Strategic | Learner | Context | Connectedness | Input

Jane Nugent, Ed.D. LRI ‘95, nonprofit professional in RI since 1982, believes in the power of nonprofit organizations to be the key problem solvers for society.  She has witnessed the power of Rhode Island community based groups provide the greatest good for the greatest number over a long period of time. She has worked with many groups in the state and knows that this time will be no different than difficult times past — they will rise to the occasion and lead the way.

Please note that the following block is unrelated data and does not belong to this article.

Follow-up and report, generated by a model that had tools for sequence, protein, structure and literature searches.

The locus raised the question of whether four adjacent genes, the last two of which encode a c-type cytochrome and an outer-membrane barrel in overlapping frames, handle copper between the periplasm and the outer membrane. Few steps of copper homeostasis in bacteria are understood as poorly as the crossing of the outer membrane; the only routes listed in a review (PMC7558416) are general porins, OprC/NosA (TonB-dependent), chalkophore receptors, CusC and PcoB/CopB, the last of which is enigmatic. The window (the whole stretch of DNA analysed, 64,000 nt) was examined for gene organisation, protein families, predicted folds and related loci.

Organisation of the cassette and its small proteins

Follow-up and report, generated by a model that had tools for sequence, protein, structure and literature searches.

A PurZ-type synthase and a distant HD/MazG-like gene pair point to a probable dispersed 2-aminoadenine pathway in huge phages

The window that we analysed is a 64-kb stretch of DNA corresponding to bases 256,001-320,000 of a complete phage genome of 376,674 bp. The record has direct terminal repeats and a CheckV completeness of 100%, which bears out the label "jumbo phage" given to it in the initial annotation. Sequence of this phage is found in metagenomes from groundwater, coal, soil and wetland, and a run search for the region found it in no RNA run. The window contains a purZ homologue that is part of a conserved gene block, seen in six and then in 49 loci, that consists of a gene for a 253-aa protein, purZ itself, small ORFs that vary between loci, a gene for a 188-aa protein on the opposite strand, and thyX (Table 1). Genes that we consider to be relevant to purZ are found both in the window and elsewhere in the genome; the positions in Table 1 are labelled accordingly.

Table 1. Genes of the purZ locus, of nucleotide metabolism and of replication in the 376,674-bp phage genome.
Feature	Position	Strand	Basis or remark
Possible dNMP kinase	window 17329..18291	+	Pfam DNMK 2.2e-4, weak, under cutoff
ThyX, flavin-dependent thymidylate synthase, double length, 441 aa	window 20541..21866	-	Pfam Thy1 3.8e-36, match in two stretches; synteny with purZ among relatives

Learner | Analytical | Individualization | Relator | Achiever

Ashley Rappa, LRI’19, founder of Human Writes Consulting and Director of Marketing & Communication at Lincoln School, is a writer at heart and a Rhode Islander by choice. At her best, she believes in the power of words to elevate our lives, and the deep beauty of human connection. At her worst, she still believes that, but likely needs more coffee.
Input | WOO | Communication | Empathy | Positivity

Carol Young, LRI ’92, After 45 fabulous years at the Providence Journal, she bid adieu to the Fourth Estate.  Ten  years later, she still has printer’s ink in her blood and welcomes opportunities to work with writers while  keeping her editing skills sharp.
Harmony | Achiever | Learner | Communication | Significance